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Les Cérémonies Soixantenaires du Sigui chez les Dogon1: Onzième Lugard Memorial Lecture

Abstract
Summary

THE SEXTENNIAL CEREMONIES OF THE SIGUI AMONG THE DOGON

The lecture outlines the results of studies undertaken by the author on the sextennial ceremonial of the Sigui among the Dogon of Bandiagara which began in 1967. The Sigui ceremonials move across the country, being held annually over a period of eight years and taking place on each occasion in a different group of settlements. While this does not cover the whole of the territory occupied by the Dogon, it does relate to the entire population.

The Sigui rituals are held every sixty years, this interval being associated with (1) the revolution of the ‘companion’ of Sirius; (2) the ancient ‘Mandé’ system of numeration with a base of sixty; and (3) the placing of all persons of at least sixty years of age in a special category to mark the passage of one generation to another.

All men of the groups concerned participate in the Sigui which takes place in areas which have, and are associated with, masks that are related to funeral ceremonies. It involves considerable expenditures. Every participant has to provide himself with a complete costume and accessories, including cross-seats, carved calabashes, and leather bags, as well as clothing. He also has to contribute to the costs of preparing the ritual millet beer by gifts to those of more than sixty years of age, the preceding generation which participated in the last Sigui.

The Sigui is a very complex religious ceremonial of which the essential purpose is to commemorate two mythical events of the first importance; firstly, the revelation to men, through their mythical genitor, the Nommo, of the gift of speech and, secondly, the appearance of death in the human world. This commemoration calls for the symbolic presence of four original ancestors of humanity who received the gift of speech. Three of them are represented by notables (heads of lineages, totemic and other priests of cults). The fourth, who was the first to die following a grave breach of taboo, is represented by the Great Mask which is carved in each village at the time of its ceremonial.

The costumes of the participants assimilate them to androgynous fish, an image of the human foetus. The human being is conceived as a fish in its mother's womb. The participants are thus symbolically placed at the dawn of Man's life on the Earth.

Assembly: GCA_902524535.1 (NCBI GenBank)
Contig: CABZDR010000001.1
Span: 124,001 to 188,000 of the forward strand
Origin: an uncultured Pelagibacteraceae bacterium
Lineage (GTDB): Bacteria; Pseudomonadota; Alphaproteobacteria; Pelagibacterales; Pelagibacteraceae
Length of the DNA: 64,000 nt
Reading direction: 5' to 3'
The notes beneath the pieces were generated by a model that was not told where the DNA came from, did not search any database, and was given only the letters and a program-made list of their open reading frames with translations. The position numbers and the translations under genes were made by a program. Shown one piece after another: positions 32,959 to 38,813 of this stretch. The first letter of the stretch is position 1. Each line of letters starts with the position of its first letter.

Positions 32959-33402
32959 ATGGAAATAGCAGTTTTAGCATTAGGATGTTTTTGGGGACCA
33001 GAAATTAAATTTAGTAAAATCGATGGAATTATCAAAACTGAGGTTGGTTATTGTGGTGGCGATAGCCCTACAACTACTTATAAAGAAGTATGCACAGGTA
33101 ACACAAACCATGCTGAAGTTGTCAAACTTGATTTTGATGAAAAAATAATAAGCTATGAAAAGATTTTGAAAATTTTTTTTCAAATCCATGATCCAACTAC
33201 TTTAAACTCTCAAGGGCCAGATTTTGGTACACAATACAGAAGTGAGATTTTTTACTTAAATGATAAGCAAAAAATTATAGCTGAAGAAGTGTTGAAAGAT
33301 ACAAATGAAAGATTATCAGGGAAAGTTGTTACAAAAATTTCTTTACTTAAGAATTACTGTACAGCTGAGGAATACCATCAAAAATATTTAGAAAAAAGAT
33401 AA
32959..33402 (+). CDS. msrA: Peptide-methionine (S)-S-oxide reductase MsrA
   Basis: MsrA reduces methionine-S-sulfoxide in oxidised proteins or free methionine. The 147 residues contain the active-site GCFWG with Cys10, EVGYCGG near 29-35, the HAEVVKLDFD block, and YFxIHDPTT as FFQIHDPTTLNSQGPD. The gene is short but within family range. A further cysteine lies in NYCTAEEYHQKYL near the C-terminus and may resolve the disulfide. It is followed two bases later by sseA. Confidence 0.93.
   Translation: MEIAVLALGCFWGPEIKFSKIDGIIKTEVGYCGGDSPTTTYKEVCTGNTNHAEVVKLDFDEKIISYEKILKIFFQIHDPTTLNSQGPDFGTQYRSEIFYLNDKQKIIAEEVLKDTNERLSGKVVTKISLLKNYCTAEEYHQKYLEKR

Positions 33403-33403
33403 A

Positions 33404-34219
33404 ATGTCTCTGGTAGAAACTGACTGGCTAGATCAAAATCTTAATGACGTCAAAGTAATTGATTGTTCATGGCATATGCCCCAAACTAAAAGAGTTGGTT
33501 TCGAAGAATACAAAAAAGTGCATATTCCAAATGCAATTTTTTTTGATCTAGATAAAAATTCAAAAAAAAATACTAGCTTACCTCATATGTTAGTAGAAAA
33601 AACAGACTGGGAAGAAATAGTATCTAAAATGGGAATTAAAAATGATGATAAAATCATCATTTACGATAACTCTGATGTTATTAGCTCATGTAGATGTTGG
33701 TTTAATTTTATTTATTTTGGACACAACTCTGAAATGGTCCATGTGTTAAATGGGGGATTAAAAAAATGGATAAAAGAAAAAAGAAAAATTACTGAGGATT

The Great Mask is carved two months before the beginning of the ceremonies. Some young notables are selected in each village to protect the Great Mask during two months of retreat in the bush. There they receive special instructions, learning especially the ‘language of the Sigui’. They become responsible for the care of the Great Mask throughout their lives and in principle until a new mask is carved at the next Sigui ceremonial.

The ceremonies themselves include collective dances accompanied by various songs and recitations in the ‘language of the Sigui’, and also the communal drinking of the ritual beer which confers a new status on the participants.

The film, ‘The Cave of Bongo’ (35 mm. in colour), was presented with synchronic sound and commentaries by G. Dieterlen and J. Rouch and was made by J. Rouch in 1969 during a performance of the Sigui. It covered the whole of the first day of ceremonies celebrated by the people of four villages of Sanga du Bas (Bongo, Dyamini-Na, Dyamini-Kouradondo, and Gogoli). It includes the following sequences: the village of Bongo and preparations for the Sigui; the Cave of the Sigui; the lineage shrine; the ritual equipment (cross-seats, bull-roarers, and Great Masks); the costumes of the dancers; the drinking of the beer of the Sigui; the dances and the ending of the first day.

Opening Paragraph

Je tiens à vous dire mon émotion d'avoir été désignée pour cette conférence, consacrée à la mémoire de Lord Lugard. Car je n'ai pas aujourd'hui l'intention de faire un exposé académique: en effet, je préfère vous apporter les premiers résultats d'une recherche ‘sur le terrain’ qui se situe dans un cadre assez exceptionnel, celui d'une cérémonie soixantenaire itinérante chez les Dogon du Mali. Je vous présenterai cette recherche dans l'état où elle se trouve actuellement, c'est-à-dire encore en cours d'enquête et d'examen; mon propos constitue une introduction aux films que vous allez voir, réalisés par notre collègue Jean Rouch, chaque année, depuis quatre ans, à l'occasion de ces cérémonies.

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Africa
  • ISSN: 0001-9720
  • EISSN: 1750-0184
  • URL: /core/journals/africa
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